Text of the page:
- •We sought to turn simple messages into comprehensive policy vehicles. Even if the KONY 2012 video and campaign seems to focus on a simple goal – arresting Kony – we’re working behind the scenes to ensure it builds support for a comprehensive response to the crisis. The thousands of people who get excited to help arrest a war criminal and then join our campaign are building political support for initiatives like the KONY 2012 Congressional resolutions, which also support efforts to peacefully protect civilians from the LRA and help LRA abductees escape and return home. In this way, when executed right, focusing on a simplified story and message actually results in more progress being made on the comprehensive policy measures than would otherwise be possible.
5. The campaign isn’t about “military intervention,” at least not as many understand it.
Well, it depends on what you mean by “military intervention.” If you mean that we support the U.S. sending advisers – at the invitation of governments in central Africa, and with the support of the African Union and United Nations – to help those governments track down one of the world’s worst war criminals and protect innocent civilians, then yes. If you mean that we’re trying to promote unilateral U.S. action that goes against the wishes of governments and people in the region, then no. The U.S. is not exactly “sending in the marines,” so to speak; the advisers have a clear and rather limited mandate focused on improving information-sharing, coordination, training, and advising of regional militaries in their efforts to pursue Kony and protect civilians. Since the U.S. has the resources to support these efforts and help give them a better chance at success, we feel it’s our responsibility as concerned citizens to advocate for such resources to be used.
It is, however, vitally important to distinguish between a call for military tools to be used effectively (as outlined above) and the idea that there is a “military solution” to this issue. The role of the military may garner the most attention, but it is only one piece of the puzzle. As we discuss in Point 3, the campaign aims to promote a comprehensive approach to ending LRA violence and address the myriad of challenges faced by communities in the region.
6. The KONY 2012 campaign organizers are in no way opposed to peace negotiations.
There is no doubt that a peaceful resolution to the conflict would be preferable to the resort to force. If Joseph Kony or other LRA commanders demonstrated a credible interest in coming out peacefully, we would fully support efforts to help make that happen. However, Kony has refused a number of past peace overtures, used the opportunity created by a lull in fighting to build up his troops and supplies to prepare for future attacks, and even committed a number of large-scale attacks on civilian populations during the last negotiations, the Juba Process. As many local civil society leaders have told us in recent years, negotiating with Kony is very dangerous unless there are guarantees he’ll take it seriously.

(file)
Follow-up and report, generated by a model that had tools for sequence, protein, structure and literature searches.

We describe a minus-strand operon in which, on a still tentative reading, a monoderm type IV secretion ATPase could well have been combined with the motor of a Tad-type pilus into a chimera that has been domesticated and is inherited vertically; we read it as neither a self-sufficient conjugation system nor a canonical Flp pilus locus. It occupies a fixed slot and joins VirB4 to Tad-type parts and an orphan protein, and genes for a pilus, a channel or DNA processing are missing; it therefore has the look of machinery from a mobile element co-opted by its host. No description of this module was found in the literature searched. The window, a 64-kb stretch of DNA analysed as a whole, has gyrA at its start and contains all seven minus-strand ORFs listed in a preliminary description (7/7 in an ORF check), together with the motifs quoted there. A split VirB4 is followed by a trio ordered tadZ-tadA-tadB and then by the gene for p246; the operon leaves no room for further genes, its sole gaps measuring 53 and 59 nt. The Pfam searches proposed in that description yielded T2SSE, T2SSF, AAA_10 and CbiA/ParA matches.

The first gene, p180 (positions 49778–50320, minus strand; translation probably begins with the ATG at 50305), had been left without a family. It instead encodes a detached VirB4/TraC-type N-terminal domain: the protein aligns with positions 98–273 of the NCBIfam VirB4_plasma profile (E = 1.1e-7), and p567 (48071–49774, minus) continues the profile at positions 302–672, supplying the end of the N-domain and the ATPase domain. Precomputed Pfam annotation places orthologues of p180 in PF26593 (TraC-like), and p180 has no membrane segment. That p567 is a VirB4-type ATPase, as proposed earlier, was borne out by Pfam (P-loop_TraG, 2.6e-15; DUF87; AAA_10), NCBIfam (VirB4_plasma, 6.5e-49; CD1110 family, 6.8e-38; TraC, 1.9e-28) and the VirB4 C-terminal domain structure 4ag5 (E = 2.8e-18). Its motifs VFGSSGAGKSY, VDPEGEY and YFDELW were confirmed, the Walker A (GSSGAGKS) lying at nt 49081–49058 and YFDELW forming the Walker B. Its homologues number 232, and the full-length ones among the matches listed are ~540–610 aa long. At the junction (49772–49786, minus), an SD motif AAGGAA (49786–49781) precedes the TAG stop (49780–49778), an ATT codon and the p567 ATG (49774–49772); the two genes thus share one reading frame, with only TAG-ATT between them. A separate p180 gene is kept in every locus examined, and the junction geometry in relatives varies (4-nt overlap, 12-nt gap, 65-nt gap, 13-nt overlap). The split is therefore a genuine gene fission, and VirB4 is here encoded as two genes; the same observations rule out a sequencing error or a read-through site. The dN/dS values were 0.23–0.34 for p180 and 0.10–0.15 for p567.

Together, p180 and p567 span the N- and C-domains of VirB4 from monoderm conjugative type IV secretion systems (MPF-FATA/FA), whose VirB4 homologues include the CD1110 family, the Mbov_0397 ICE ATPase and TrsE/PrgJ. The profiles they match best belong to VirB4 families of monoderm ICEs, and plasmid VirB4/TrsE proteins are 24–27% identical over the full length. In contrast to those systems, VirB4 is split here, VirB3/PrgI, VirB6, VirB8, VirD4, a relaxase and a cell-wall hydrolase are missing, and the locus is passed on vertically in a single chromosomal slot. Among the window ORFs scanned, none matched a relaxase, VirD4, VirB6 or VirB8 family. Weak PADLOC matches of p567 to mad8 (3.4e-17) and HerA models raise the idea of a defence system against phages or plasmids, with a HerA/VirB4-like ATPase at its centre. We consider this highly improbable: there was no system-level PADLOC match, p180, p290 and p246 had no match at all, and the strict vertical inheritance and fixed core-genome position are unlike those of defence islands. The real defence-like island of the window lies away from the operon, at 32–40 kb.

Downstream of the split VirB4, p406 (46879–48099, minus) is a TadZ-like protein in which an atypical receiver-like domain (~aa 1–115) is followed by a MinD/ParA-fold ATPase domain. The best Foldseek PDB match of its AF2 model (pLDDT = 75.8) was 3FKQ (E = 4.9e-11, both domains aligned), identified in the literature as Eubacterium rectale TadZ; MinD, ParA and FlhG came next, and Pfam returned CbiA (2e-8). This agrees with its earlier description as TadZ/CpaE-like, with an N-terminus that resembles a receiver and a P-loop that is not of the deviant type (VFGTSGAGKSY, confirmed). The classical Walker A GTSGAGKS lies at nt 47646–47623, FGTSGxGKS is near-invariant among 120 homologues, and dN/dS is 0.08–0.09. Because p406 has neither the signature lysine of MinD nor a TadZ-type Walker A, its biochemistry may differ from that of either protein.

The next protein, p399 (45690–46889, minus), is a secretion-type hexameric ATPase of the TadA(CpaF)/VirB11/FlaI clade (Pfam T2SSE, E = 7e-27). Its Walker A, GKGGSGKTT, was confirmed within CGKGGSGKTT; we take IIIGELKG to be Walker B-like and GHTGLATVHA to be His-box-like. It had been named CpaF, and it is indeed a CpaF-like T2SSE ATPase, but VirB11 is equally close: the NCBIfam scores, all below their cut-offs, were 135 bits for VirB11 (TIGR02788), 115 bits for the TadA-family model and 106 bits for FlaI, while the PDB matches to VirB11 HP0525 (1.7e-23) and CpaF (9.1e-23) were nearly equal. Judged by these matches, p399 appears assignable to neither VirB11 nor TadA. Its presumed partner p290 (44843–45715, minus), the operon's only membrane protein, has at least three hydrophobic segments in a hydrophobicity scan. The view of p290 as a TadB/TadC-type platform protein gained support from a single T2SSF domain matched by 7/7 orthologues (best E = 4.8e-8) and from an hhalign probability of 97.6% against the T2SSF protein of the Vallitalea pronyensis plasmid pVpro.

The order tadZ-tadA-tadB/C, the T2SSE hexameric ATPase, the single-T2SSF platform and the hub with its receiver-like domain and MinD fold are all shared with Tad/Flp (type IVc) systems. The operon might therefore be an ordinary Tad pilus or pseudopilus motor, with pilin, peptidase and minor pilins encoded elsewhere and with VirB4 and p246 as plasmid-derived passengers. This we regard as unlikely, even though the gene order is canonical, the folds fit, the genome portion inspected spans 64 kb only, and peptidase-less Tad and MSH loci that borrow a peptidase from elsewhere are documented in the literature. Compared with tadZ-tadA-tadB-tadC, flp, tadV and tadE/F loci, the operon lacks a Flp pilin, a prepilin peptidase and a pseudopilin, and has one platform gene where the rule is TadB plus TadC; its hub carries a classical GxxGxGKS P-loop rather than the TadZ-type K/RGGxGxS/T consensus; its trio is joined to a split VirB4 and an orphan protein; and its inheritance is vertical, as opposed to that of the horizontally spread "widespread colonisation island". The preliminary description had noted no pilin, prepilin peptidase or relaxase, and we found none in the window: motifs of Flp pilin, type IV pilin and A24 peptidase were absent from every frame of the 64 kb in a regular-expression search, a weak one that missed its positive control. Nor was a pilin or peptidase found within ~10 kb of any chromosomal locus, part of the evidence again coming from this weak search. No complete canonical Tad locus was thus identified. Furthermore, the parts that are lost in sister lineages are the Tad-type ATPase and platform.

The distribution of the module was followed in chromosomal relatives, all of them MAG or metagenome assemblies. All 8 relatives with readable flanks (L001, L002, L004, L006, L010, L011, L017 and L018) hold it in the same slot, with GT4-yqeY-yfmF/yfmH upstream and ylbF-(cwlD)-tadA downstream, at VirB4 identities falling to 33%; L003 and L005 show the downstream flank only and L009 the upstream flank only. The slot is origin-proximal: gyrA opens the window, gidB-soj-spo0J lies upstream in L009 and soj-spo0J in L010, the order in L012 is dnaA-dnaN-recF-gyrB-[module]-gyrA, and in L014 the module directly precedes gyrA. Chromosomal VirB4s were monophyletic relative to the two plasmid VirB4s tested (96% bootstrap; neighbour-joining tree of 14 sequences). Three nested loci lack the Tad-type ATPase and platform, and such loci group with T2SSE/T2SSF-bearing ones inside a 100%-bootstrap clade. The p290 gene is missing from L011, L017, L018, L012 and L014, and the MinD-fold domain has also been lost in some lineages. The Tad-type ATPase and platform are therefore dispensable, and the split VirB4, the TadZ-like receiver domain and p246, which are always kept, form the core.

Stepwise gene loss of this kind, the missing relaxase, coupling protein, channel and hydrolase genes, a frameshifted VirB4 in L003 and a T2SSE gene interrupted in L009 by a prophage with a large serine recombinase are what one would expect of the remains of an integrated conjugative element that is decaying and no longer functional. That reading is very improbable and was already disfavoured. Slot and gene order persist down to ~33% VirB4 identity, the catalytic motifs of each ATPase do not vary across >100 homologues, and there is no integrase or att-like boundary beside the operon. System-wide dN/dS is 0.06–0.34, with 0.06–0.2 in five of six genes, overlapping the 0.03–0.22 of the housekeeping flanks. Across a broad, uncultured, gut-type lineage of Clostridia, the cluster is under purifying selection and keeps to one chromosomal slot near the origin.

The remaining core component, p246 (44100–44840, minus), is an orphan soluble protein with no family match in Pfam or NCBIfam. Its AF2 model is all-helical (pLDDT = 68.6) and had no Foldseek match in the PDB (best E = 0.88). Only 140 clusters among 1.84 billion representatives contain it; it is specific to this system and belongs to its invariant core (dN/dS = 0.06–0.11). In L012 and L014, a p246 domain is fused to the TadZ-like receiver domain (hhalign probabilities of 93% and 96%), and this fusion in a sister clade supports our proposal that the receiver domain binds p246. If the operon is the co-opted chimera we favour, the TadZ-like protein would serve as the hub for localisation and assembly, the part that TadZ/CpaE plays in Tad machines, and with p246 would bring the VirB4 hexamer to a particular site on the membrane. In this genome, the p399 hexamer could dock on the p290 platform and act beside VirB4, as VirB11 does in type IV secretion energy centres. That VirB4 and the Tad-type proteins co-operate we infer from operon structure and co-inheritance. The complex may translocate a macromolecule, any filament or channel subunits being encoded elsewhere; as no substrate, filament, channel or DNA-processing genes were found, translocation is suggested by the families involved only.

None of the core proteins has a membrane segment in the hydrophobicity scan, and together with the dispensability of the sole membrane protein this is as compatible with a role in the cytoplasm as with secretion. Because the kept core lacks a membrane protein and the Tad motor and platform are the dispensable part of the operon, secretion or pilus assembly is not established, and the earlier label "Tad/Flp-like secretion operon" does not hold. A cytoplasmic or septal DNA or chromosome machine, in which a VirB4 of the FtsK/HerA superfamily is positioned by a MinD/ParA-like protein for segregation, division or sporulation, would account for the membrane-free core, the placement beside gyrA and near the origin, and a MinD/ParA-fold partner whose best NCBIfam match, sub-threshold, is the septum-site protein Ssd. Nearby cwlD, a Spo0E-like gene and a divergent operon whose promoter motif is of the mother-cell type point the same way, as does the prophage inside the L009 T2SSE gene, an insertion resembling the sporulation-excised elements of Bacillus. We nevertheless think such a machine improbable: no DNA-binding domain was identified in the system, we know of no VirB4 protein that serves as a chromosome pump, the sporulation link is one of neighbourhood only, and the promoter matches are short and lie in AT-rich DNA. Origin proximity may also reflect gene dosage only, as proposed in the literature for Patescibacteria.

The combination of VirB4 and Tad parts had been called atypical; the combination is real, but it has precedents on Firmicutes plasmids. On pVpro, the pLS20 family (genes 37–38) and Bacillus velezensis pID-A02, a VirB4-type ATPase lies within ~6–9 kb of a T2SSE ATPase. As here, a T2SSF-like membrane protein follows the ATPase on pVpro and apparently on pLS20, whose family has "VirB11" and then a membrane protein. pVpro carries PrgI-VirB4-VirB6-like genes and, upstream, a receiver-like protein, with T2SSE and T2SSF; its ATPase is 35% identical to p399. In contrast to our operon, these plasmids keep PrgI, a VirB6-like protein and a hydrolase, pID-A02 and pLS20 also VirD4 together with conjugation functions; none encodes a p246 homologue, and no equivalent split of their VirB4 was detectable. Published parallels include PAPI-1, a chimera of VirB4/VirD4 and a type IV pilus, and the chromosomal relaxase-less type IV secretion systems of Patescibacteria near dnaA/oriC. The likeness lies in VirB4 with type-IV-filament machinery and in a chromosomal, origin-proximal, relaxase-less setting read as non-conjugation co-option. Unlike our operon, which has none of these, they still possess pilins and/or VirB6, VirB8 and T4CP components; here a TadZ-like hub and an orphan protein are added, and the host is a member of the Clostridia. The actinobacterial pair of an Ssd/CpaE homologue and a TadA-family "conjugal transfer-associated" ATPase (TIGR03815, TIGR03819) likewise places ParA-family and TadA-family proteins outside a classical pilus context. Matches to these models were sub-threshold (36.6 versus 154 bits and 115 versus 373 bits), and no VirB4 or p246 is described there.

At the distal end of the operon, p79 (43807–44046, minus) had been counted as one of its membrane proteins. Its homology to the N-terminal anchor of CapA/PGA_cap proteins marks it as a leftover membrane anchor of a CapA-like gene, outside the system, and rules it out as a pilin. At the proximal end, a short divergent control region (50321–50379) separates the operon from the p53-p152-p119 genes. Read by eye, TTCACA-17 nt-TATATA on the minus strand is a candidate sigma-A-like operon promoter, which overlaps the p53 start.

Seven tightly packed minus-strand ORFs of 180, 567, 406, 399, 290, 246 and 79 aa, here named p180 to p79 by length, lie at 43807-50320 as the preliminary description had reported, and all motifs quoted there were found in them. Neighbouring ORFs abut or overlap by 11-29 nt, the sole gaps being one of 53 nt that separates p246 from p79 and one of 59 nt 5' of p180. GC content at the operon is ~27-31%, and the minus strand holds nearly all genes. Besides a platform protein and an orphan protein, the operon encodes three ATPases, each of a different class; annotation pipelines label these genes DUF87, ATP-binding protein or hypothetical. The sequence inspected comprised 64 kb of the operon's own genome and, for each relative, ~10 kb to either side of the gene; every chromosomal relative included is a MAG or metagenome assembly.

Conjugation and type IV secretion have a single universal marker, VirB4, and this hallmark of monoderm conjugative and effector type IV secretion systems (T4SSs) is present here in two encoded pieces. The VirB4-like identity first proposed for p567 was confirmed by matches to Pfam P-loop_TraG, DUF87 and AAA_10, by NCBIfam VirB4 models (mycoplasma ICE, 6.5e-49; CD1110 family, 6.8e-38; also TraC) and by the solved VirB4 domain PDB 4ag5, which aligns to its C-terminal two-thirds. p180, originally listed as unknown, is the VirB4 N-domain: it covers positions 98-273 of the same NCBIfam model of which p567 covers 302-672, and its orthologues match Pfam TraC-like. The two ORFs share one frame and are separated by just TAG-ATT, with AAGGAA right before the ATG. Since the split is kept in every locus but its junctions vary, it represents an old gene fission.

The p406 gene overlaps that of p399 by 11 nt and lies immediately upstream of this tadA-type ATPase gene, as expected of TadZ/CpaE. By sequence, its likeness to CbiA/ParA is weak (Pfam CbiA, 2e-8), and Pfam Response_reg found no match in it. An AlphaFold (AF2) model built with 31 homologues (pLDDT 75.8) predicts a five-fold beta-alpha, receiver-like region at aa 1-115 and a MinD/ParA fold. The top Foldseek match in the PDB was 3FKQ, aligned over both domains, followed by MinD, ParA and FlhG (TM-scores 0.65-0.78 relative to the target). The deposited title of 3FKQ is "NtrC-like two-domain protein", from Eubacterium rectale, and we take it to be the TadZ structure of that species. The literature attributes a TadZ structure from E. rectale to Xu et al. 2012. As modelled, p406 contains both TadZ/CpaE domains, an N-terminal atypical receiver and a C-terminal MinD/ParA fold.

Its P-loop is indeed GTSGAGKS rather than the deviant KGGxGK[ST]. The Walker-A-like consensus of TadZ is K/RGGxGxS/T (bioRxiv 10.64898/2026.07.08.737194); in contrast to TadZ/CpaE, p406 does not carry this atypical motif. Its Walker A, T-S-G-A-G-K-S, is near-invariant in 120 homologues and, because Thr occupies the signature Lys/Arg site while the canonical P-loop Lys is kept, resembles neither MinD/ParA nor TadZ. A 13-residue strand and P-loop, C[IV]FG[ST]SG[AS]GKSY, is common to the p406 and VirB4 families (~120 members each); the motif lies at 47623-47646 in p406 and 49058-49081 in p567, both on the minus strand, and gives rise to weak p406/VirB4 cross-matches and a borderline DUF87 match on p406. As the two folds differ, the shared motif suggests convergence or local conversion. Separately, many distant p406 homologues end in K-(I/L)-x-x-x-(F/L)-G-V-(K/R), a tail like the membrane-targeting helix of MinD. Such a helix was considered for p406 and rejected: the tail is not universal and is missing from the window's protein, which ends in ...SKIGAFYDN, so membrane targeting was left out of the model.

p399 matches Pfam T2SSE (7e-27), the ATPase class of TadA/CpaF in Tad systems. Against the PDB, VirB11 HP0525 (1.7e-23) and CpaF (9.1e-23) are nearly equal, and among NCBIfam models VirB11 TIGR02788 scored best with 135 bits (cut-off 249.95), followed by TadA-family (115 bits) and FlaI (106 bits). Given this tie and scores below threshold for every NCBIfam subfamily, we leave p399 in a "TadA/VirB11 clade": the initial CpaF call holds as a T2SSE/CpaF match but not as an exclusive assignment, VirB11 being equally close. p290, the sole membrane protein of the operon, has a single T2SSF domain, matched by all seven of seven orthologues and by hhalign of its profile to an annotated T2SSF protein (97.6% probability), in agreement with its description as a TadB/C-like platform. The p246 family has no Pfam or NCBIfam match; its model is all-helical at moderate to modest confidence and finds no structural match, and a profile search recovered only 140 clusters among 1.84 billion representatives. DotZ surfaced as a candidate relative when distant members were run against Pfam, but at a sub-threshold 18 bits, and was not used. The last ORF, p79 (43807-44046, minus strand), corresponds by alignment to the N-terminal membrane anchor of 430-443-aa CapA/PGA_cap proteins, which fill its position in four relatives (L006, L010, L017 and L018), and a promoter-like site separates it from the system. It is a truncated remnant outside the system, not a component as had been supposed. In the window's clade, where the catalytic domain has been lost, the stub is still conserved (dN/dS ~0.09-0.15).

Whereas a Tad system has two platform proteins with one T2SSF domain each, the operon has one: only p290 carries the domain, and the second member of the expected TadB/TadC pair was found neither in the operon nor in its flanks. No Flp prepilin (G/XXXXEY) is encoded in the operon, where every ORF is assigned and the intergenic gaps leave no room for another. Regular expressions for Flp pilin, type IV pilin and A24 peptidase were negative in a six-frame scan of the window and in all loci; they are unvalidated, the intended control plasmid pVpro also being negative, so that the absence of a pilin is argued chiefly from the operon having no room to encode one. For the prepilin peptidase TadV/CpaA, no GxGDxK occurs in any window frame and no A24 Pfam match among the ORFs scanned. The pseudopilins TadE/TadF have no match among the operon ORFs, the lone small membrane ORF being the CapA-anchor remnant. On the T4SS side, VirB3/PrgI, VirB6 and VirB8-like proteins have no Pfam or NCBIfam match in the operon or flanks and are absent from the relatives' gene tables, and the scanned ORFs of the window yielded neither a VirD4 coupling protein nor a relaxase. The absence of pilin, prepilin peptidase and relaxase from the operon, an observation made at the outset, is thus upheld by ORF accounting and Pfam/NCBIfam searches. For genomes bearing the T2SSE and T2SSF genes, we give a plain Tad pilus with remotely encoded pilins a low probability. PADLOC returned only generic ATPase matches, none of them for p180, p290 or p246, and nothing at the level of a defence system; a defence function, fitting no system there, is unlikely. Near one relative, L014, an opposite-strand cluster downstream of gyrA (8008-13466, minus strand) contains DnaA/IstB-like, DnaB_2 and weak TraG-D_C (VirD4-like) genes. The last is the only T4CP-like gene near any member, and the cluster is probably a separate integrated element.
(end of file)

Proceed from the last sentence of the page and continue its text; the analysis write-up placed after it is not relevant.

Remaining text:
That’s why Resolve, in partnership with other human rights and advocacy groups, call for pursuit of Kony’s arrest to occur simultaneously with “come-home” radio programming and direct outreach to LRA fighters and abductees to convince them to defect or surrender peacefully. This approach has been key to reducing the LRA’s capacity, and has helped many LRA fighters and abductees surrender even in recent weeks and months. We continue to advocate for more of this to occur (see Point 3).
7. The goals of KONY 2012 are aligned with what many local civil society organizations in LRA-affected areas are calling for.
We recognize that communities affected by the conflict, as well as their governments, will play the leading role in bringing peace to the region. They will also live with the consequences – good or bad – of efforts to end the conflict in a way that international advocates will not. This knowledge informs every step of our work, from our research in LRA-affected areas, to the development of our policy goals, to the design of campaigns like KONY 2012.
Resolve also believes strongly in the need for U.S.-based advocates to listen to the perspectives of communities directly affected by the conflict and ensure their input shapes our advocacy work. That’s why we’ve traveled to remote regions across the four affected countries to talk with religious and community leaders, government officials, and people displaced by the fighting. We share what we find and hear through our reports, blogs, and social media.
However, LRA violence has had varying impacts on communities scattered over four countries over 25 years, and the conflict has been a part of unique political realities in each one. Each person living in LRA-affected areas has a unique set of beliefs, hopes, and experiences that inform their view about how the conflict can best be resolved. There is no unanimous view amongst religious and human rights leaders in areas affected by the LRA about how to best address the conflict.